I highly recommend removing the extra base. In all of my tests, the extra base (101 on a 100bp run, 151 on a 150bp run, etc) had an extremely high error rate, typically 5x that of the previous base - and the quality score of the last base is not very accurate, so quality-trimming will not reliably remove it - and fastQC will not reliably indicate whether or not it needs to be trimmed, either. For that reason, I put a feature in BBDuk,
forcetrimmodulo, just to remove that last base. For example:
bbduk.sh in=reads.fq out=trimmed.fq forcetrimmodulo=5
That trims all of the reads so that the length is equal to zero modulo 5, meaning that 51bp reads will be trimmed to 50bp; 76 will be trimmed to 75; 101 will be trimmed to 100; etc. If the reads are already (for example) 100bp long, then nothing will happen. In the processing order internal to bbduk, this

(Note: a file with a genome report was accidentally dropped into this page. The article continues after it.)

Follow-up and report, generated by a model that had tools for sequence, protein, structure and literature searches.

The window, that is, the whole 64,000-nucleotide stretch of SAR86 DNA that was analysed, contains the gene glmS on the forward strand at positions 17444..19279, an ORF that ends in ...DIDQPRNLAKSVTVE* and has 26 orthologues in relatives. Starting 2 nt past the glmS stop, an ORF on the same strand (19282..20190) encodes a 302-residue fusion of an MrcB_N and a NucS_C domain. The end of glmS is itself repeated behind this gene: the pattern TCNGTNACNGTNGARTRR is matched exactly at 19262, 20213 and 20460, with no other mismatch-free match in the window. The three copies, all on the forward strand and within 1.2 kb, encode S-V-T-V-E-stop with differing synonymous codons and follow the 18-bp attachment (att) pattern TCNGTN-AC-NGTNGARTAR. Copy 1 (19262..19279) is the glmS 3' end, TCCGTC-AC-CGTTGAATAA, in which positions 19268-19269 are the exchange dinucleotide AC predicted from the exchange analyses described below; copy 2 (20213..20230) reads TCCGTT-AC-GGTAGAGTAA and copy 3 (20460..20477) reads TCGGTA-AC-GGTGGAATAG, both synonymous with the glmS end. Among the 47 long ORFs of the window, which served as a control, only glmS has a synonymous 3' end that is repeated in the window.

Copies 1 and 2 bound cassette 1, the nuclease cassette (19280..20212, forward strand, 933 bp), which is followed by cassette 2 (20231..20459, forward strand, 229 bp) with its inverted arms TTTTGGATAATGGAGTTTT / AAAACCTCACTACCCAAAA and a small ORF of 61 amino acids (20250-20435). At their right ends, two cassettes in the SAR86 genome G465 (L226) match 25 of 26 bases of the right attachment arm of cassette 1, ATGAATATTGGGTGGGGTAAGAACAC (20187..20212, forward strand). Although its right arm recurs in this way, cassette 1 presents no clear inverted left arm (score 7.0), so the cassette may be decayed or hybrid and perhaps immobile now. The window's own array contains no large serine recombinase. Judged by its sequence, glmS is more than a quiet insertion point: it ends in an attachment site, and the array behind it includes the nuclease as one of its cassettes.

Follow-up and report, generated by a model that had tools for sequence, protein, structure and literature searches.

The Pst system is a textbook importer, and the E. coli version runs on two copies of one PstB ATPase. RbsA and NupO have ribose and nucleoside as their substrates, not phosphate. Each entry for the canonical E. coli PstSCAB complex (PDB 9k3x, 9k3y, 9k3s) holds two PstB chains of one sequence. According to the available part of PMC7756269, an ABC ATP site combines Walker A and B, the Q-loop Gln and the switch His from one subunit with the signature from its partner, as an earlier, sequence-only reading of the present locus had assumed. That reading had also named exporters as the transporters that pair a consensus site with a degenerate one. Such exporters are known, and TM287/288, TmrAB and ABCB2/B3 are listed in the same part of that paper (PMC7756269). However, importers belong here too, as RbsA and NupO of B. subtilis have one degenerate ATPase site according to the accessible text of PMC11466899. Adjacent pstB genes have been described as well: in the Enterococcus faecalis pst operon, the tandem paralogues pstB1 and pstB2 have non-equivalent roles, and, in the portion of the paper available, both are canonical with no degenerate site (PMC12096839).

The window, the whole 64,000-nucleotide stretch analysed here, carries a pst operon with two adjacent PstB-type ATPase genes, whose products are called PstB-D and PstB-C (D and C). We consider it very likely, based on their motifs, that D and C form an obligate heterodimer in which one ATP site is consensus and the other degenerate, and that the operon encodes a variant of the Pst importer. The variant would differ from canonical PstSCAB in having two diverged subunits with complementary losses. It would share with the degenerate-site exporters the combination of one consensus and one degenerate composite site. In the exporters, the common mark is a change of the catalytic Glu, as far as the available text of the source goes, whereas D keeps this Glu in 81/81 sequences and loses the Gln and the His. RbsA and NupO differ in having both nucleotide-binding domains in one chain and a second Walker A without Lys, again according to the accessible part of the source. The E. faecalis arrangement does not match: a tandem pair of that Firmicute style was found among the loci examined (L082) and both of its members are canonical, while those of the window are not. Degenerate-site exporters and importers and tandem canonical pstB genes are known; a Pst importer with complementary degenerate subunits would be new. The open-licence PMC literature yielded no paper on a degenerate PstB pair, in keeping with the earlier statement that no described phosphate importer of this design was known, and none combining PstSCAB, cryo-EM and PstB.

forcetrimmodulo (or ftm for short) trimming happens before adapter trimming (if that is enabled), which is important because trimming the last extra base makes it easier to identify adapter sequence due to the lower error rate. As a result I always enable ftm when doing adapter-trimming.
I've posted various graphs showing the huge drop in quality for the extra base, but you can generate them yourself if you want, like this:
bbmap.sh in=reads.fq ref=reference.fa mhist=mhist.txt qist=qhist.txt reads=10m
Then plot the mhist and qhist to see what the true accuracy of the bases is, by location.
Edit: Actually, I should have just followed Daniel's link :)
It depends on the base mask used. See: http://seqanswers.com/forums/showthread.php?t=61997 for a good, but brief discussion on why you might want to drop the n+1th base